Chow Yun-Phat often portrays roles in movies as the archetypal "Redeemed Killer" character in the RPG Feng Shui.  A anti-hero that is trying to make good for that one day when he made that terrible mistake or that one realization that after many years it is time to make good.  This is a tricky background to sell.  You have to do enough bad to show you were bad or enough restraint from doing bad to sell that you are trying to redeem yourself.  In cinema this might also mean that about 15 seconds after you find redemption you also get fataly shot to make the audience really feel sorry for you.  This is where Chow Yun-Phat really shines.  He can sell mean and evil.  He can sell redemption and he can die like a champ.

Redemption isn't the only route to being a round character.  A coming of age plot could do this as well.  Although most coming of age movies are about beer and cars and girls there is still a part of them that lends themselves to roleplaying and that is the transition from being a child to an adult.  This is a very round process as judgements, behaviors and expectations of the world change.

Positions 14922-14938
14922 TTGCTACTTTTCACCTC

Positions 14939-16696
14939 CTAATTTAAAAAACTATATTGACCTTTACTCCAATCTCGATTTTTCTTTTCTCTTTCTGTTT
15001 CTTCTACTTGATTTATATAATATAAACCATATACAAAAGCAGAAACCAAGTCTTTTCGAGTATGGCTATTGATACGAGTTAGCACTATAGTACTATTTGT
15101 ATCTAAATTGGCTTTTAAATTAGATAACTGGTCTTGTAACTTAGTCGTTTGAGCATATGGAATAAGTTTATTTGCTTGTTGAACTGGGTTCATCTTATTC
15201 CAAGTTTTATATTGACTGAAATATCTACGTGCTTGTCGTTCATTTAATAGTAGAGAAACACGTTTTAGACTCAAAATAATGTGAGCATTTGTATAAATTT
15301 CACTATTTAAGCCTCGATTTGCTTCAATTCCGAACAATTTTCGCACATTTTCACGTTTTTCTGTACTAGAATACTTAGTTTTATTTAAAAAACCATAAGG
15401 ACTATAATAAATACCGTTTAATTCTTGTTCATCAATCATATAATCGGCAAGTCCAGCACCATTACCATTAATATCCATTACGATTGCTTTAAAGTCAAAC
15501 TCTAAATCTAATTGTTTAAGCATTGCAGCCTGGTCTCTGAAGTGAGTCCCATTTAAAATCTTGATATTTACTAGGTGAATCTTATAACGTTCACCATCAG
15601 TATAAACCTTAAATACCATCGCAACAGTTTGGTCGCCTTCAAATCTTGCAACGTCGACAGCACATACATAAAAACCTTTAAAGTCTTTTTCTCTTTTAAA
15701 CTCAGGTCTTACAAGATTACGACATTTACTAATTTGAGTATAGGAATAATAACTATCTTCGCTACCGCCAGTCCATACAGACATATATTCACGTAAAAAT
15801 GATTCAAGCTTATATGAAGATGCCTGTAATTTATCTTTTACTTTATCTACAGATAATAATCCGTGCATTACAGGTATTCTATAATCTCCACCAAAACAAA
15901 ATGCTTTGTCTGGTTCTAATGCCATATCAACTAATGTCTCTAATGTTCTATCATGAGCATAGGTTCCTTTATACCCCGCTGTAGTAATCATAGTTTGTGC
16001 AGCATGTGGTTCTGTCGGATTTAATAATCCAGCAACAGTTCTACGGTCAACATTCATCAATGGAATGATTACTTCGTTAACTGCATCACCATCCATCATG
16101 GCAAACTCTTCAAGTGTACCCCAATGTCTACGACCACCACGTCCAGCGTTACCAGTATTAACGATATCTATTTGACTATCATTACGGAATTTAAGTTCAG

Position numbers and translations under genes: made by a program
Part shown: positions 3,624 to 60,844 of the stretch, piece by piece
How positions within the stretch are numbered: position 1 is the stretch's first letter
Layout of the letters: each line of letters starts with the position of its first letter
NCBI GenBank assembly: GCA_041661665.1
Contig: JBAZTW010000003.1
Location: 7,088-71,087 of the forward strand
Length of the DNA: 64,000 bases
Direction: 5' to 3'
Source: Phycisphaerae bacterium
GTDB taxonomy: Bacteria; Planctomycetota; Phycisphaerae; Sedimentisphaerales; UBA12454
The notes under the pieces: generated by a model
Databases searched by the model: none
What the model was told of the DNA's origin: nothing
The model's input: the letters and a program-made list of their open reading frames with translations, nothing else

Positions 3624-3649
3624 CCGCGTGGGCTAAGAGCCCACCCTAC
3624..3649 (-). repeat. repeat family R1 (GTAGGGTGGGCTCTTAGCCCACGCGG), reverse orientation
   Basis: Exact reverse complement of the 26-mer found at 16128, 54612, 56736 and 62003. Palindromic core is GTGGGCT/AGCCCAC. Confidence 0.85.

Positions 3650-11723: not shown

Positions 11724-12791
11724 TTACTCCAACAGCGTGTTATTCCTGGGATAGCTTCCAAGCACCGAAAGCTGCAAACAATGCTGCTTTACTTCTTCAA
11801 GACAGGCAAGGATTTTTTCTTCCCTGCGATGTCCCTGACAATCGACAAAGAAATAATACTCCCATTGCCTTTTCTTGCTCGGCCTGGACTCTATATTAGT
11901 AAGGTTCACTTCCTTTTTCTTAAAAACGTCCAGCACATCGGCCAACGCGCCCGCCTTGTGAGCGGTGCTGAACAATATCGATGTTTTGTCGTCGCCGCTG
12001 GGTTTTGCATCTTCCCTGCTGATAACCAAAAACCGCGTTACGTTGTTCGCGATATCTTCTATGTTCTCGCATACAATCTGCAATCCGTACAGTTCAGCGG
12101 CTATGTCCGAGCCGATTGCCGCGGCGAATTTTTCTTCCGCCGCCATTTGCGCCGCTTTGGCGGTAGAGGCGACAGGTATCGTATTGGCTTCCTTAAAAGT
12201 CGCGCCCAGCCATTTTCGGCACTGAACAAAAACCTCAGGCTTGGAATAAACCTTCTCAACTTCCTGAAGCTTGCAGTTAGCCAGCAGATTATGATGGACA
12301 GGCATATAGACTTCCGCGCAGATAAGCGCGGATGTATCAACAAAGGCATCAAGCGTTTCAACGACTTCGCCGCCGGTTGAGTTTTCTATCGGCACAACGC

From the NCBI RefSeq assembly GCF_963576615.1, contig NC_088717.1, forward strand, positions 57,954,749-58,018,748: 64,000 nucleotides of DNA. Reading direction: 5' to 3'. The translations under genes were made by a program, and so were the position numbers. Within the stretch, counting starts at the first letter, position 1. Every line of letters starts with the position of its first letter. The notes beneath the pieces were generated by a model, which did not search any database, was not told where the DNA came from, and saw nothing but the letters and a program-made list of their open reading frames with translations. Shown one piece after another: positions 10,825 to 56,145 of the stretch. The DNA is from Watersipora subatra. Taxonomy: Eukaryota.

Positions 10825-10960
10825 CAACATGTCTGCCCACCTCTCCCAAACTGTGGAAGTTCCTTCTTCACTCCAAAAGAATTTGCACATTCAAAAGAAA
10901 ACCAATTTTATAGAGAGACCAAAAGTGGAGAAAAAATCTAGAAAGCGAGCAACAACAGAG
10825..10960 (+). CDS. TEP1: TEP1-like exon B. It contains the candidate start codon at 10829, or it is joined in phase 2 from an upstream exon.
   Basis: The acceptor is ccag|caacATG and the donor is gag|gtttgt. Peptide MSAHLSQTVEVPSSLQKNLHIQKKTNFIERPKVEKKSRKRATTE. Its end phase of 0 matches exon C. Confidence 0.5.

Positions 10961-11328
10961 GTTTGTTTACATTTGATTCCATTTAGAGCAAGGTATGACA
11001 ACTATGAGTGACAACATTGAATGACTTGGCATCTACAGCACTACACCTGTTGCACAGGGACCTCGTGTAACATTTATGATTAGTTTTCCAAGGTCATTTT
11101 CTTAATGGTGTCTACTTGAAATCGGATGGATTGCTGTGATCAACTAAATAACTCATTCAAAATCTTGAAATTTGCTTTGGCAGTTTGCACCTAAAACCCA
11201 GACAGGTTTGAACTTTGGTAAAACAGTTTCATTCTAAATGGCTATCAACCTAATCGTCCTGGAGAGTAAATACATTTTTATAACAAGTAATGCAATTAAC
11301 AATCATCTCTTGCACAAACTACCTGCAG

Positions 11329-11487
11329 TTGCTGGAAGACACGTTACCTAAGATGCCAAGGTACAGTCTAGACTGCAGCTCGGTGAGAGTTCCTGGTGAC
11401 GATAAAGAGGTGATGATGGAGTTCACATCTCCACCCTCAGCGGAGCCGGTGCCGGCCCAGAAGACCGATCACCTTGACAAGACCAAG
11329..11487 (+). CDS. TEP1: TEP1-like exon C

The journey of the hero is also a path to change even if they are not seeking redemption.  Take the Star Wars movies for example.  Across three films in each set of the three movies the hero changes from a naive boy into a considerably different man.  Luke, a hero's hero, goes from gullible to cynical.  From weak and untutored to strong and masterful.  Anakin, a tragic hero, goes from even more naive and innocent through a lot of whining and then to dark, ruthless and evil.

It is my opinion that in any ongoing roleplaying campaign that the majority of the characters should be round characters.  Ones that are not only willing to change but seek change.  Be it from good to bad, lucky to unlucky, or even bad to good.  A cast of strictly flat characters isn't a story.  It is a cartoon.  A long cartoon where you meet every Thursday at 7 Pm and that is not my idea of fun roleplaying.